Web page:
How do I adjust for differences in frame brick size?

Hi all. First time poster. I could not find an answer to the following question on the forum.

I am about to lay down the frame brick. I have been unable to find the recommended size 8x2 1/14x3 5/8. I have 7 1/2x2 1/2x3 1/2.

I understand I will need to adjust (decrease) the amount of mortar to adjust for the difference between 2 1/4 and 2 1/2, but I am wondering what affect the 8 vs 7 1/2 inches will have and what adjustment I will need to make?

Seems like the result of this size difference is the firebrick floor will be larger by 1/2 inch in each direction. Is this going to throw off how the firebrick lays out on the floor? Is the adjustment simply going to be in cutting the firebrick to fill in the gaps?

Any insight would be appreciated.


Hello Kirk, and welcome to the BrickWood forum!

Brick size is something that we all have had to fudge. Construction companies can procure a specified size for large projects, but the rest of us have to shop around and make adjustments.

The effect on your frame will be minimal—it will make the interior space one inch larger in both dimensions. (You have to multiply by 2 here.) You will want to make sure your frame bricks are still aligned to the outside edges of your slab.

It’s really going to have almost no effect on the firebrick for the hearth, nor on the amount of materials you will use. The Mattone Barile arch is designed to lay on the transition between the firebrick and the outer frame bricks, so you won’t see it, either.

When you get to the hearth, you lay your herringbone pattern in the space that you actually have, and fill in small triangular gaps along the edges with scraps of brick that you cut along the way. You’re just packing the hearth brick as tightly as you can, and the result might be slightly larger triangles. You’re using scraps, so there’s nothing to worry about there, either.

You’re already on top of the depth difference, so my take on it is that you will be fine. Hope you’ll check in again to let us know how things came out!

1 Like

Got it. Thanks for the assist.

1 Like

Matt, I have a follow-up question if you do not mind.

In our design, we are now thinking of putting a wood veneer on the sides of the slab. We would prefer to bring the frame brick out so it extends 1/2 or 3/4 inch over the slab so it is flush with the wood facing. If we do that, then that would further extend the size of the area of the firebrick floor by another 1 - 1 1/2 inches in each direction. In essence, my frame brick shrinks from 7 1/2 inches to between 6 3/4 to 7 inches if we let it overhang the slab.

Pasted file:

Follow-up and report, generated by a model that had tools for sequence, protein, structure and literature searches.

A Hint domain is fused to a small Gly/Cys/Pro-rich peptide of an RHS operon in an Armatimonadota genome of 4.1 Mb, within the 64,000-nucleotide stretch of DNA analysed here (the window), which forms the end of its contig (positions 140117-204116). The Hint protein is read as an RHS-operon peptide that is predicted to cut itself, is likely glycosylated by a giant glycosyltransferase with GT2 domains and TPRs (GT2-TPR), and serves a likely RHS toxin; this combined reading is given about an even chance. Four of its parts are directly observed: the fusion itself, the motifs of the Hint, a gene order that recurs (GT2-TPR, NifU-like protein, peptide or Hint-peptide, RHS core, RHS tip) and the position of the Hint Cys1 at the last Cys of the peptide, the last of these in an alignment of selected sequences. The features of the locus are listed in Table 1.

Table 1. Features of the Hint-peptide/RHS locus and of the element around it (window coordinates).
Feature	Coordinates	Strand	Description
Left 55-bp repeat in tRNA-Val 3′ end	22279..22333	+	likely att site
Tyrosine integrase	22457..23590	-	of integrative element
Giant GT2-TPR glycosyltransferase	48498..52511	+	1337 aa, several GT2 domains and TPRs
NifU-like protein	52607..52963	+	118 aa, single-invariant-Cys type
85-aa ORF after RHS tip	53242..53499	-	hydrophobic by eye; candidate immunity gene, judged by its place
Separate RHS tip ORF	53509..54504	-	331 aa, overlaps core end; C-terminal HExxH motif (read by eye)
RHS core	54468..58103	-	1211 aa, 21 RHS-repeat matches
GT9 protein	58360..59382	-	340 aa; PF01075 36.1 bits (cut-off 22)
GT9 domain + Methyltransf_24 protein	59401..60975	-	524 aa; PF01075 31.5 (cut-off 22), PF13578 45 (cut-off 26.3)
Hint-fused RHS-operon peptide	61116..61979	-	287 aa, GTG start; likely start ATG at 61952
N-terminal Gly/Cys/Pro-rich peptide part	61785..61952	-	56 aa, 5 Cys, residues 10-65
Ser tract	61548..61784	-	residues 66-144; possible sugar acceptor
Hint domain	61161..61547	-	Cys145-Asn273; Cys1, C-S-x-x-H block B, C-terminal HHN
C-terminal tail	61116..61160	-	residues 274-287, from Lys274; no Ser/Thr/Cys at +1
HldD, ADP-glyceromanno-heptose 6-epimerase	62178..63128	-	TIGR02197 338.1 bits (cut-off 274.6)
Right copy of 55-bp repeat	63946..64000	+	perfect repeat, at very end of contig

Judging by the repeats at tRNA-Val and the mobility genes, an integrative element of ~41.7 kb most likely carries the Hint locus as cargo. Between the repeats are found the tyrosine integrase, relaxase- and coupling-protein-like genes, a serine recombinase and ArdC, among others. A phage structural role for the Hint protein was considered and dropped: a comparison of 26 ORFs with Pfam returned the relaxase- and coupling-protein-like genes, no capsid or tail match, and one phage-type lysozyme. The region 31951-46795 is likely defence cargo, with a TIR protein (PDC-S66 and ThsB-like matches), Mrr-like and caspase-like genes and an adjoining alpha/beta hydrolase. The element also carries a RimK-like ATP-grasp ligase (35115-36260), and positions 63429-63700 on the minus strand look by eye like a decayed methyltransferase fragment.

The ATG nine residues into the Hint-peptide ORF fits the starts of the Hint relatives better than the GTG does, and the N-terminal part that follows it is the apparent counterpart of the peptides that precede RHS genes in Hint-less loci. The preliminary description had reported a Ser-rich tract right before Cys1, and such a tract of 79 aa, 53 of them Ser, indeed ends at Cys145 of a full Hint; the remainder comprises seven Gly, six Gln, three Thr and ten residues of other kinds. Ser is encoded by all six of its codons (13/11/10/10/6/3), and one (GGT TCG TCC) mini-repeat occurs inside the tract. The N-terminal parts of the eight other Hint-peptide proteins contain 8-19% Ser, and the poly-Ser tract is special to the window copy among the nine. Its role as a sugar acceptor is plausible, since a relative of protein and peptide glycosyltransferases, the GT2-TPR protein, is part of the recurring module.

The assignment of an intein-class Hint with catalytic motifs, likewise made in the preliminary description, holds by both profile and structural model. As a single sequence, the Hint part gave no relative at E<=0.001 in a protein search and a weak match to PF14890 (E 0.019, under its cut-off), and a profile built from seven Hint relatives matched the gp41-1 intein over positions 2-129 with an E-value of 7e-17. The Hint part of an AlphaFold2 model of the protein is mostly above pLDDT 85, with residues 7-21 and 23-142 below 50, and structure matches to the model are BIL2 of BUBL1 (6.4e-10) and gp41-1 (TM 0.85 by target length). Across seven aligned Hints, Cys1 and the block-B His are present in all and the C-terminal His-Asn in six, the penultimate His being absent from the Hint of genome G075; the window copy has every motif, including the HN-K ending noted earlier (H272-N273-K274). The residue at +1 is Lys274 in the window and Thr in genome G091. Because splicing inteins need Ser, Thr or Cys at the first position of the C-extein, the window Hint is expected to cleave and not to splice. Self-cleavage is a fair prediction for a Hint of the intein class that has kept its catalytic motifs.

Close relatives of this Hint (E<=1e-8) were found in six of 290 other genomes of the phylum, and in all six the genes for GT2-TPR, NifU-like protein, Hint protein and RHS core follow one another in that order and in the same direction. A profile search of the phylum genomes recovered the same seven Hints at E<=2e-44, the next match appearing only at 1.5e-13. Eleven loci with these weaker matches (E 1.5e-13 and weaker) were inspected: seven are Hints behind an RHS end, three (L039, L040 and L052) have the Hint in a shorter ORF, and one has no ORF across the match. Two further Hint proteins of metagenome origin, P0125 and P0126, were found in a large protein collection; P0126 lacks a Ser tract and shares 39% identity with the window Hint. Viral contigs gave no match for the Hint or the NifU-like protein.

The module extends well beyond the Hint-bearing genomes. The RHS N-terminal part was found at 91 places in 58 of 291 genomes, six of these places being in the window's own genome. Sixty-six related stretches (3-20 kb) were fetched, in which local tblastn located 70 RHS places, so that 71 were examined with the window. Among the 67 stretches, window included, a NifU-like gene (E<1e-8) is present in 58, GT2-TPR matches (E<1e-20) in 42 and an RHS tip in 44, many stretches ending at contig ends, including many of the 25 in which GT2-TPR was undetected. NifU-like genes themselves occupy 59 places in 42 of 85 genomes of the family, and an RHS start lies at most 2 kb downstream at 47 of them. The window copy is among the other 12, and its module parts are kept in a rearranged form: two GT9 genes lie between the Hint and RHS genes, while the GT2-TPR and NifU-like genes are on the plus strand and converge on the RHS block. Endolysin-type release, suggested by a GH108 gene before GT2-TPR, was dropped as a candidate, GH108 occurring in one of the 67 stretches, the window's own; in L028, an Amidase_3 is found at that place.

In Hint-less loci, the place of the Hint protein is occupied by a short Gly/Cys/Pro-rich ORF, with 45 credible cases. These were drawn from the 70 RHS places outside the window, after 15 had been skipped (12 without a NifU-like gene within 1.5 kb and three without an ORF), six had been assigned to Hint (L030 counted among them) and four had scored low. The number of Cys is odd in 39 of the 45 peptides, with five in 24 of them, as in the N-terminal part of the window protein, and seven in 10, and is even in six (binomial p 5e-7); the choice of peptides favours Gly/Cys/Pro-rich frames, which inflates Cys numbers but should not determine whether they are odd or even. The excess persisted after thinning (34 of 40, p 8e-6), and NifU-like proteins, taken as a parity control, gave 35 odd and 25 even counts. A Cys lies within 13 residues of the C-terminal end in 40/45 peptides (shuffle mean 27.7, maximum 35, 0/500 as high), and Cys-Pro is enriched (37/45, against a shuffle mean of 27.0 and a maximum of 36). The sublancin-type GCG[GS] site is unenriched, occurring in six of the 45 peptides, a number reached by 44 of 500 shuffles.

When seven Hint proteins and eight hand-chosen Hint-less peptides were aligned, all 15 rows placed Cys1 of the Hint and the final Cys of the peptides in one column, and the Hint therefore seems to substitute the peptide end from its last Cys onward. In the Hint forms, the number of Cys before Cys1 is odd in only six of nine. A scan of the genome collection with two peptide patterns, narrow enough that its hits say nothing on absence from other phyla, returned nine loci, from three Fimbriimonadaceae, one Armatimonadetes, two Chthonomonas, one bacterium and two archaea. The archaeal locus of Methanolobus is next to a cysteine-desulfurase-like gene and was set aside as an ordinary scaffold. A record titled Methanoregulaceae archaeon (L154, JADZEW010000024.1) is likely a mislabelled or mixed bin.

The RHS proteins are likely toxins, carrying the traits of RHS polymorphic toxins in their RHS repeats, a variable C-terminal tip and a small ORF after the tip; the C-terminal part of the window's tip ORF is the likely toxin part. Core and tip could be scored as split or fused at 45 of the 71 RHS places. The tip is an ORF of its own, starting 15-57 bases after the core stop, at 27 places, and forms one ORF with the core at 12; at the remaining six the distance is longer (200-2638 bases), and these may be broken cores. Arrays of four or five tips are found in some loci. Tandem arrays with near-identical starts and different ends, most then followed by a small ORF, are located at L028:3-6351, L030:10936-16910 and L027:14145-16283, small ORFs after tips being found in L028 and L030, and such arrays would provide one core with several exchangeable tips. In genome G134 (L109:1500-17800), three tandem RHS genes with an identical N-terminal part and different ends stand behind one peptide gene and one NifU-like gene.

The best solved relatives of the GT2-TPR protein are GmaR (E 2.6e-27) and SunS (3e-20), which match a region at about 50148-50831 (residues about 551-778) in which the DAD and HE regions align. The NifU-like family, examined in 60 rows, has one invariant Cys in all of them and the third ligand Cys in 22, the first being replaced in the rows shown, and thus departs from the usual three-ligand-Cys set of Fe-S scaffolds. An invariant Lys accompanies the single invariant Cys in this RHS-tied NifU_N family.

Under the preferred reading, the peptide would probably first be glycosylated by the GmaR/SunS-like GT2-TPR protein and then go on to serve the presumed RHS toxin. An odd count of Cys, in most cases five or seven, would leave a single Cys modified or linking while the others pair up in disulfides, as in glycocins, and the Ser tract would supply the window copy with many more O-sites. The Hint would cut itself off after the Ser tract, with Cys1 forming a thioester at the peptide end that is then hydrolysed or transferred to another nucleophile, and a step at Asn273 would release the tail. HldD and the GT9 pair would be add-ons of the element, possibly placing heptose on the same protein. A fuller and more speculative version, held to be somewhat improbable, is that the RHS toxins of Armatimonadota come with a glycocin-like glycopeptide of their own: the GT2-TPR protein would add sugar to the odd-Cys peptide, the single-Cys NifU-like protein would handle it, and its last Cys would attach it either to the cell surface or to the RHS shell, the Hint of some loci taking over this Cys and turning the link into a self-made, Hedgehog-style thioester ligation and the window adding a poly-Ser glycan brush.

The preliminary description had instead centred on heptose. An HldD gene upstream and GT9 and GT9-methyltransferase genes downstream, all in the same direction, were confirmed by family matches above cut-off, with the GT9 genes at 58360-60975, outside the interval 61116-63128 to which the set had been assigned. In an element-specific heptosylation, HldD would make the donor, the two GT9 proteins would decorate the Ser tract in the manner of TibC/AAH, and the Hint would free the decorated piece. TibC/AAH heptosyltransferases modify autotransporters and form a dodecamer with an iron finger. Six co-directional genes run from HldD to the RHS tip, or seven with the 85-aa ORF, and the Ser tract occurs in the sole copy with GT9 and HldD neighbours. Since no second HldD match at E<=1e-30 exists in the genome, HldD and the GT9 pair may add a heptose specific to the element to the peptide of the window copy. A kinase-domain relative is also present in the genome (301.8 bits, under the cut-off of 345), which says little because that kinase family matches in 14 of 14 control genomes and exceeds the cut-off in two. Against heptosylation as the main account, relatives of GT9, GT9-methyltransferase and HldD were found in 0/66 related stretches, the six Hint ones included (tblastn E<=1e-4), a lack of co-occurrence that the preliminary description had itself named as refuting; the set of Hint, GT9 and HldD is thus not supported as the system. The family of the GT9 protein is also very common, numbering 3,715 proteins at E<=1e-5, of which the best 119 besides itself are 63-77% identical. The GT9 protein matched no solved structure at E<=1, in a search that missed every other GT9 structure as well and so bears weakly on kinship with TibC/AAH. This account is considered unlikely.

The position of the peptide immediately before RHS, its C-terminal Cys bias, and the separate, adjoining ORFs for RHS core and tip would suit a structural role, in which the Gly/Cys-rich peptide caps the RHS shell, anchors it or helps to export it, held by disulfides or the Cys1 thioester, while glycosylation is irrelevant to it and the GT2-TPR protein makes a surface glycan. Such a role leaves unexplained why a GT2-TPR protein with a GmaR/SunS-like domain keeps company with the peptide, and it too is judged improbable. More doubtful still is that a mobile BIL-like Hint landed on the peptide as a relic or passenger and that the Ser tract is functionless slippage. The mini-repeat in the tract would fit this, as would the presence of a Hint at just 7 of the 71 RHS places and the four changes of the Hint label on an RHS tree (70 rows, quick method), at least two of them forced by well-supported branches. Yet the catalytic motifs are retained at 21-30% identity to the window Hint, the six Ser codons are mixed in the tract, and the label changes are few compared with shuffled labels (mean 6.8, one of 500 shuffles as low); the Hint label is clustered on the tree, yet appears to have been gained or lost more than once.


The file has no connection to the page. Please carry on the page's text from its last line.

Do you see any issues with this design and approach?

Thank you!

Kirk, my very rough guess is that you have about ¾ of the width of a firebrick to play with here. As long as your hearth firebrick transitions inside the footprint of the arch, and that some of the arch weight is supported by the frame brick (which is mortared in and transfers the load to the slab, vs. the hearth which is not mortared and sits on top of sand)… I think you can do that. If you can do ½-inch veneer rather than ¾-inch, I’d prefer that.

And, I very much like what you’re thinking overall.

Matt, thanks again for the assist on this.

I laid out the frame brick with a 1/2 inch overhang, placed the foam mold in place, and measured how much of the oven brick would rest on the frame brick. If I measured correctly, 1 inch of the oven would rest on each of the left and right sides and more on the front and back. Is this going to provide enough weight transfer to the frame brick?

1 Like

Yes. Pay careful attention to the “bed” of mortar you lay under the first course of firebrick for the arch. You don’t want to get sloppy with it, but be sure you lay enough so that it can work its way into the loose edges of the hearth itself. That should be enough to ensure you have a firm foundation for the barrel arch.

The other side of this is not to overdo it and actively press mortar into those loose firebrick—they are dry fit tightly in already, but you want to avoid mortaring them in.

Hope this gets you on your way, and that you’ll update us when you are through these steps!

1 Like

Hey, Matt. The frame brick is in. The effort on it was great, but not so confident in the results. like others before me, the levelling was not really tight (see pictures). I am now thinking about the appropriate adjustments needed to make sure the oven barrel arch is level. I have read previous suggestions about using sand beneath the foam mold, using mortar to make sure the first row of arch brick is level, and (most importantly) ensuring the hearth floor is perfectly level. A few questions before going onto laying the hearth brick and building the oven: